Body Cam Footage of Walter Wallace Jr. Shooting Sparks More Protests in Philly

Vehicle from Virginia

A parking violation envelope is affixed to the windshield of a Hummer vehicle parked near the Pennsylvania Convention Center where votes are being counted, Friday, Nov. 6, 2020, in Philadelphia. Police said Friday they arrested two men Thursday for not having permits to carry firearms near the center. Police said the men acknowledged that the Hummer spotted by officers near the center was was their vehicle. (AP Photo/Rebecca Blackwell)

By Christina Kristofic

November 5, 2020

Police said they shot Walter Wallace Jr. on Oct. 26 because he had a knife and ignored orders to put it down. Wallace never raised the knife or lunged or ran toward officers.

PHILADELPHIA — Hundreds of protesters again took to the streets Wednesday night to protest the police killing of Walter Wallace Jr. last week after police released body camera footage of the shooting and the 911 recording that took police to Wallace’s home.

Police Commissioner Danielle Outlaw also identified the officers who shot and killed Wallace as Sean Matarazzo, 25, and Thomas Munz, 26. Neither had more than three years of experience in the department.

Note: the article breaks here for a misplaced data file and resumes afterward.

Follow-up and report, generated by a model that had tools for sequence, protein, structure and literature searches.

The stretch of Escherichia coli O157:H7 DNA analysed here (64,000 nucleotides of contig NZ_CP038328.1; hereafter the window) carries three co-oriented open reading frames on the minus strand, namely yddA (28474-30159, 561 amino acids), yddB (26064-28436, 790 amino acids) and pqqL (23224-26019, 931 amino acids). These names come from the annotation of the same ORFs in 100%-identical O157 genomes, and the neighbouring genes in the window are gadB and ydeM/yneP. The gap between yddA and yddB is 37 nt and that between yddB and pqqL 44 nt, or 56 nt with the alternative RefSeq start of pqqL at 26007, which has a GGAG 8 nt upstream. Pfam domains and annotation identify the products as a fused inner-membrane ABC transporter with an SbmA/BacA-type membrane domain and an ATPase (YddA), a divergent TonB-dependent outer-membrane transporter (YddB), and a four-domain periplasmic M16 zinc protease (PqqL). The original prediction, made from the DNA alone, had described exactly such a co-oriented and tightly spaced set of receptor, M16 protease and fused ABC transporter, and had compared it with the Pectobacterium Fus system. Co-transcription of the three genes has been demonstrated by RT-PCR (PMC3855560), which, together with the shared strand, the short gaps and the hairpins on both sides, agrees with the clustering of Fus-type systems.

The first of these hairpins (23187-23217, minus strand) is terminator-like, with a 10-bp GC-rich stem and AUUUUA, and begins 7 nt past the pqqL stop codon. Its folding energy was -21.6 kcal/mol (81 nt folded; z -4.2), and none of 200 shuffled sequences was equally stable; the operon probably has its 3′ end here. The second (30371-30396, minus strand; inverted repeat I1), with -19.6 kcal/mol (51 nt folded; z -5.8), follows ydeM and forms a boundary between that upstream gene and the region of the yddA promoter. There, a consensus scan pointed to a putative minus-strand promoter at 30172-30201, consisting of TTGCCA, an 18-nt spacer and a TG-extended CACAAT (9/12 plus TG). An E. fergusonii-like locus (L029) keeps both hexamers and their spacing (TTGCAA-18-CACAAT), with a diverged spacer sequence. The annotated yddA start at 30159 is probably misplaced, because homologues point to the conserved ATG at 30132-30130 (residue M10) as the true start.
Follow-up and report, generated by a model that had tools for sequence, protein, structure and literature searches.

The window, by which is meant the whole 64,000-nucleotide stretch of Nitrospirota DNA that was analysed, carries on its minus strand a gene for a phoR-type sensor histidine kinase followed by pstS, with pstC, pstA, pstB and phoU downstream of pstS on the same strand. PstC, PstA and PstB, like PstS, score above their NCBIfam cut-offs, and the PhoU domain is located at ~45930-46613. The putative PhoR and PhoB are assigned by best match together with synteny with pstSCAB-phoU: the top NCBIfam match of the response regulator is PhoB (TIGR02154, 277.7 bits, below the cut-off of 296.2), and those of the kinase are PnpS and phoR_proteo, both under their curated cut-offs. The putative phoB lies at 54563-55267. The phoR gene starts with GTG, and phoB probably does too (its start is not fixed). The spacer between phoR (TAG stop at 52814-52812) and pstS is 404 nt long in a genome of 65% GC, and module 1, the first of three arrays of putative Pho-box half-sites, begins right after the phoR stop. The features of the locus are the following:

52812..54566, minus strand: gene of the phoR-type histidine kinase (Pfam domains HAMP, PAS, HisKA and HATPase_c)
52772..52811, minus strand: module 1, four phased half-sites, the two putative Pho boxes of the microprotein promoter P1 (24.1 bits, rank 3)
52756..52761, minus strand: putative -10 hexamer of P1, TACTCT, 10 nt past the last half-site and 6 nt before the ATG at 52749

Outlaw said this is the first time the police department has released body camera footage.

“With this release, the world will see we are engaging in an open process—a process that acknowledges the harm our actions have caused,” Mayor Jim Kenney said.

Kenney and Outlaw promised to put reforms in place by late next year that include more deescalation for officers and better coordination with mental health professionals. Outlaw also has requested that the city give the police department more than $14 million, so it can equip every police officer with a Taser.

But some activists say that’s not enough.

The Amistad Law Project, a public interest law firm in Philadelphia, is calling on Outlaw to fire Matarazzo and Munoz immediately.

“Walter Wallace Jr. should be alive today,” the group says in an online petition outlining its demands. The petition had more than 950 signatures by 6:40 Thursday morning.

“The police should be held accountable after killing someone, not rewarded with more resources.”

Matarazzo and Munoz acted recklessly when Wallace’s family was trying to deescalate the situation, the group says.